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Short description of key information on bioaccumulation potential result: 
Chlorobenzene can be absorbed via the lung or the gastrointestinal tract. Suitable studies for evaluating the percutaneous uptake are not available.
As the compound is a lipophilic substance, its distribution in the organism is essentially dependent on the fat content of individual organs.
Chlorobenzene is eliminated in the form of metabolites, principally in the urine and to a smaller extent in the faeces as well. Unmetabolized chlorobenzene is mainly exhaled via the lungs.
Moreover, it could be demonstrated, that the metabolism of chlorobenzene is saturated at repeated at high doses.

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Additional information

Male Sprague-Dawly rats were exposed for 8 hr/day to 100, 400, or 700 ppm of [14C]-chlorobenzene vapor for either 1 day or 5 days. The study was conducted according to OECD guideline 417 with deviations (Only characterization instead of identification of the metabolites. Analytical purity not reported). 6 rats of each group were exposed for 5 consecutive days (multiple exposure regimen). Another 3 rats were exposed for the first 4 days of the multiple exposure regimen, but were sacrificed after 16 hr their final exposure. The other 6 rats were exposed only on the fifth day on each exposure block (single exposure regimen). Another group of 12 rats was exposed in a 1-day repeated study at 400 ppm to account for the statistical signifcance of blocking effect (Sullivan et al 1983).

Immediataley after the fifth day of exposure, 6 of the 12 remaining rats (3 singly exposed and 3 multiply exposed) were placed in metabolism cages for collection of urine and expired material. The other 6 rats were sacrificed 48 hr after exposure for assessment of remaining tissue burdens.

There was no evidence of accumulation in the rats sacrificed immediately after exposure, except in kidney (single exposure 0hr vs multiple exposure 0 -hr). There was a tendency at the 48 hrs after exposure, for mutiply exposed rats to exhibit higher tissue burdens than rats exposed only once. The [14C]chlorobenzene of adipose tissue increased about 8 to 10 fold when the concentration was increased from 100 ppm (469 mg/m³) to 400 ppm (1871 mg/m³) and about 3 to 5 fold from 400 ppm (1871 mg/m³) to 700 ppm (3275 mg/m³).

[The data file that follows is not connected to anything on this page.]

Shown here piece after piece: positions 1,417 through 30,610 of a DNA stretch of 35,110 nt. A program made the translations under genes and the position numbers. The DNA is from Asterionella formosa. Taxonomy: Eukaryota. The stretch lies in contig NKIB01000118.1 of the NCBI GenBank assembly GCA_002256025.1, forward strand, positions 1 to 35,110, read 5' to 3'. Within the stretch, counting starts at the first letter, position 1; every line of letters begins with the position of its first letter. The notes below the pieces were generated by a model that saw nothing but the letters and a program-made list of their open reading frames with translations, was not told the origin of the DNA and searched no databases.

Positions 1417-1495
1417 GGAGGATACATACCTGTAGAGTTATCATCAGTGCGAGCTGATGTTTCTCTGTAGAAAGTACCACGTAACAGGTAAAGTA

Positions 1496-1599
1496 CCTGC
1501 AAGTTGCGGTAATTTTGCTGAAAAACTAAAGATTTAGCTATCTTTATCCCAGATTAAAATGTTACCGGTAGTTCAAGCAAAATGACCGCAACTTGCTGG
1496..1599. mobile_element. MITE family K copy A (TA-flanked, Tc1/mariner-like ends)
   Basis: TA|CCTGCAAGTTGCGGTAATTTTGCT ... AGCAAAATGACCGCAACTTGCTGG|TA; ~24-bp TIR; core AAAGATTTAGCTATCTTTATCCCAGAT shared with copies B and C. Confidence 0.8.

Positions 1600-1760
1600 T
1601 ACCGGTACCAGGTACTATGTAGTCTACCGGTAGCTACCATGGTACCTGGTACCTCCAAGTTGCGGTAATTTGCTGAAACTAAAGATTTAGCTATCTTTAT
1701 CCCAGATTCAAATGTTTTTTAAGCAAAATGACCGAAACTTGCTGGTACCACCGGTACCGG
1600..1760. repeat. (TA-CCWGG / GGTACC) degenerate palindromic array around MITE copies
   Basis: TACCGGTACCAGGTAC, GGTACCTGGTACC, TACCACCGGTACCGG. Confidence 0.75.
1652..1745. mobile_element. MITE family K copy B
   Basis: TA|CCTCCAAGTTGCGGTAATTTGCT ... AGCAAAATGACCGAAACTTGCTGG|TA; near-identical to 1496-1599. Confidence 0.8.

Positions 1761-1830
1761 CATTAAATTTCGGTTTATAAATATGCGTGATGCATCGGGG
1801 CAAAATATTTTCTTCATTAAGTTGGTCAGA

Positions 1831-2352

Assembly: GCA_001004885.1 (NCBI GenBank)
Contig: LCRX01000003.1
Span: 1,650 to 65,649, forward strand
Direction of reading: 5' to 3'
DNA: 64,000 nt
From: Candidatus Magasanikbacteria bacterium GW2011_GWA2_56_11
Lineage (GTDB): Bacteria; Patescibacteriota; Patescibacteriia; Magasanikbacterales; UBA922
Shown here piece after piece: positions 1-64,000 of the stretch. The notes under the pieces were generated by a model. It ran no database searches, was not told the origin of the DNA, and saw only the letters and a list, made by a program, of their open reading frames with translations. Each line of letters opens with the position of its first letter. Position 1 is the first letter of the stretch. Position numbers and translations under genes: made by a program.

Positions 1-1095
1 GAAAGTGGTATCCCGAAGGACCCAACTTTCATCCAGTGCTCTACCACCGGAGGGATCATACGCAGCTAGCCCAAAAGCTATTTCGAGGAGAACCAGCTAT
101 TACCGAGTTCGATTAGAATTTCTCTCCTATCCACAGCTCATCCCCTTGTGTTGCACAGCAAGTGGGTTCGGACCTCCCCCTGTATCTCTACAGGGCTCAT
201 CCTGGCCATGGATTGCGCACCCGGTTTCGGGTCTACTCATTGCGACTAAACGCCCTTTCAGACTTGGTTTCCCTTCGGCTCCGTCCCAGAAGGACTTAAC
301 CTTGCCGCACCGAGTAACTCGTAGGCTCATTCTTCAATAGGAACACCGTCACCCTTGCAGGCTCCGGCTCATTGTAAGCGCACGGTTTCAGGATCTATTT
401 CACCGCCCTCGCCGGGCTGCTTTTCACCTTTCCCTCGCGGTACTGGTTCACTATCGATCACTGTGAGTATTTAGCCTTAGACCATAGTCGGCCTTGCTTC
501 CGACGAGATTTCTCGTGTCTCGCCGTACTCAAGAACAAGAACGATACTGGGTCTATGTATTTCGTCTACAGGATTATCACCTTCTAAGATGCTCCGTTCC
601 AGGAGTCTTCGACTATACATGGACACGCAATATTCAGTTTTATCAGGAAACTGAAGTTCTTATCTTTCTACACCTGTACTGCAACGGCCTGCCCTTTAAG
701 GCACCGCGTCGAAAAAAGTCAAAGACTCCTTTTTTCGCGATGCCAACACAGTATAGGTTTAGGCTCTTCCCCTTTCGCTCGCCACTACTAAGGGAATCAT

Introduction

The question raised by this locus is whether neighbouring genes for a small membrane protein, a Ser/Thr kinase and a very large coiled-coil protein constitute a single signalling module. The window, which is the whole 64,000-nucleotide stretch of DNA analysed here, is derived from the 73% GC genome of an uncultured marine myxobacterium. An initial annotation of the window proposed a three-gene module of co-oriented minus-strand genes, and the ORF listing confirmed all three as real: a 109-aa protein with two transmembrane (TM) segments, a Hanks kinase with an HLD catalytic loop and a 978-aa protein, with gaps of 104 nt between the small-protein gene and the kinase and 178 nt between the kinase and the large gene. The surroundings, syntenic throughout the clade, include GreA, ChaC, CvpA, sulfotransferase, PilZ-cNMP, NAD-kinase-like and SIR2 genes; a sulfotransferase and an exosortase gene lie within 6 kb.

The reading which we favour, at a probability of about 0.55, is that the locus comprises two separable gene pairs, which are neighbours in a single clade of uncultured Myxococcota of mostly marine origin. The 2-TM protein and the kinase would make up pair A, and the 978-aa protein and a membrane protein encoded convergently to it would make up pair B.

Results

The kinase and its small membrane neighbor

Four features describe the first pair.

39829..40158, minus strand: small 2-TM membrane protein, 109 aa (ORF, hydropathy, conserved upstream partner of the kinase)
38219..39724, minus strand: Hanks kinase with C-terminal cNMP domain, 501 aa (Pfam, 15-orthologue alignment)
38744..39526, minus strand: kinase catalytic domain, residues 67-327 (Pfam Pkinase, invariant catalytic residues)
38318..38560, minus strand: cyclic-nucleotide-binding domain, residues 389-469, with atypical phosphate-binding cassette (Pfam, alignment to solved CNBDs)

Respiratory elimination of [14C]chlorobenzene also increased in a dose-dependent way. There are no differences due to dosing regimen in the amount of material excreted in the urine. There was a significant difference in the amount of 14 C-chlorobenzene expired between the two 400 ppm (1871 mg/m³), singly exposed groups of rats, with the rats of the repeat study expiring more than rats in the initial group.

The exposure regimen effect was significant only at the 700 ppm concentration (3275 mg/m³), with multiply exposed rats yielding a shorter fast phase t1/2 than singly exposed rats. There was no signifcant effect of concentration on respiratory elimination between the 100- and 400 ppm (469 -and 1871-mg/m³) groups . However, the fast phase half-lives of the 700 ppm rats were longer than those observed at lower exposure concentrations.

Analysis of treatment effects in the metabolite profile was based on the percentage of mercapturic acid, since this is the paramenter most relavant to toxicity. Differences between singly and multiply exposed groups were not significant. The three concentrations resulted in significantly different mercapturic acid percentages among the singly exposed groups. In the multiply exposed groups, the difference between the 400 ppm and the 700 ppm results was not significant, although were significantly decreased from 100 ppm results. When the exposure concentration was increased from 100 to 700 pppm, the mercapturic acid percentage of the total was reduced by 27 % for singly exposed group and 24% for the multiply exposed group.

The dose-dependent changes are postulated to be due to saturation of the metabolic elimination of chlorobenzene. The effect of multiple exposure is apparently some stimulation of metabolism.